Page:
NCBAM helps spread word about elder abuse
    July 16 2014 by Carol Layton, NCBAM Communications

    More than 500 people gathered June 21 in Triad Park in Kernersville to participate in the third annual “World Elder Abuse Awareness Day Walk.” Team members from North Carolina Baptist Aging Ministry (NCBAM) served as volunteers at the event by directing traffic, helping with set up and welcoming the walkers.
    Jennifer Harriss, ombudsman for the Piedmont Triad Regional Council (PTRC) – Area Agency on Agency, explained the importance of her agency’s partnership with faith-based groups. 


    NCBAM photo
    As part of an elder abuse awareness event, participants share goals for their life on a “Before I die I want to ...” board.

    “We especially value the partnership of NCBAM,” Harriss said. “As a faith-based organization, they help spread awareness in places where we don’t have easy access. Many times, being taken to a church event is the only outing that a homebound person has. It’s important they receive messages there about how to protect themselves from frauds and scams.”
    Sandy Gregory, director of NCBAM, agrees. “Churches with visitation ministries may often be the first or only witness to elder abuse – whether it is physical abuse or fraud,” he said. “As awareness grows, scammers are continuing to get craftier. It’s important that we be vigilant in spreading awareness messages to families and to aging adults.”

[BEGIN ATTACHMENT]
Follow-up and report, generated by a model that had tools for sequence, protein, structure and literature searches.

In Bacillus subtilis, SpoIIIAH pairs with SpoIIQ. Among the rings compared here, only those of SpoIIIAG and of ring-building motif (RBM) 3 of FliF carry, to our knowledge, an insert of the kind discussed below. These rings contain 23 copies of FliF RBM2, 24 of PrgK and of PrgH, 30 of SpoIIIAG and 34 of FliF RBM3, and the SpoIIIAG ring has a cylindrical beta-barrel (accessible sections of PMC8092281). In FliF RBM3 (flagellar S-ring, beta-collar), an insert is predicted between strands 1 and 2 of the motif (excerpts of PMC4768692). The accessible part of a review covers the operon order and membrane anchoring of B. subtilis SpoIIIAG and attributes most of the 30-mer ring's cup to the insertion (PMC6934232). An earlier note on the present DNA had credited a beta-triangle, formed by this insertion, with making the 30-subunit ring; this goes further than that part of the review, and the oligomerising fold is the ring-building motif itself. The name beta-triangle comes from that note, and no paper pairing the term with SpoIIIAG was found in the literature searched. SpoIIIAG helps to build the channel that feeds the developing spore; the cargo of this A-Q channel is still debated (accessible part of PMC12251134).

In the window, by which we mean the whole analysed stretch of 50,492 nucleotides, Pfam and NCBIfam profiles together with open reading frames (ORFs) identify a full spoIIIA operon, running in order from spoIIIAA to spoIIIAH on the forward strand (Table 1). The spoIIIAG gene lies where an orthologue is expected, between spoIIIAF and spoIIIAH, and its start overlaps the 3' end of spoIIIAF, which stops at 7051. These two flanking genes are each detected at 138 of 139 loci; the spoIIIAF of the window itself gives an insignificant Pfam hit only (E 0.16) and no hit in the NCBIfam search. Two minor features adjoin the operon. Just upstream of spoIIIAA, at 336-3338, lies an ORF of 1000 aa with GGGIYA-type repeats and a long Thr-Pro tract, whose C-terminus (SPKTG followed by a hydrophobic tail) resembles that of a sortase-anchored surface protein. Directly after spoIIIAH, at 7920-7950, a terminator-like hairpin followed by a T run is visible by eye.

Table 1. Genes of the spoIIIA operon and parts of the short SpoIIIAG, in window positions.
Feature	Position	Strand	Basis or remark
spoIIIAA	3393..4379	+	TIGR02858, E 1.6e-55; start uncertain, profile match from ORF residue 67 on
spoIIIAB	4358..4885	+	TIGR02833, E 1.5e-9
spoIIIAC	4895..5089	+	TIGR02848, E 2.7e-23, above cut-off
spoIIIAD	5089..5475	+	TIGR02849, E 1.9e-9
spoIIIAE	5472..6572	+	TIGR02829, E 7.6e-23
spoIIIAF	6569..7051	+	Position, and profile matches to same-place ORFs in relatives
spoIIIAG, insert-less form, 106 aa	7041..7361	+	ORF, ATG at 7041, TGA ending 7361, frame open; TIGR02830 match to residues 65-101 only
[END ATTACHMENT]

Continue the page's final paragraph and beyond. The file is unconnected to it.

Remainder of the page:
According to Harriss, there were more than 21,000 cases of elder abuse reported in North Carolina last year. Experts believe that for every one case reported, five are unreported.
    What can you do to help prevent elder abuse? Help spread the word when you hear of frauds or scams. Offer to provide respite for an unpaid family caregiver. Be on the lookout for signs of abuse, neglect or exploitation toward aging adults in your church or community. Signs could include food insecurity, compromised decision making, unexplained bruises, or other unusual behavior. Advocate against spending cuts for home health services for aging adults. Report suspected abuse to your local department of social services – adult protective services. If you have been victimized, speak up and share your experience with others.
    “The needs are great and no one agency can do it all,” said Gregory referring to the partnership between NCBAM and PTRC.

    7/16/2014 11:39:13 AM by Carol Layton, NCBAM Communications | with 0 comments
    Filed under: elder abuse, NCBAM

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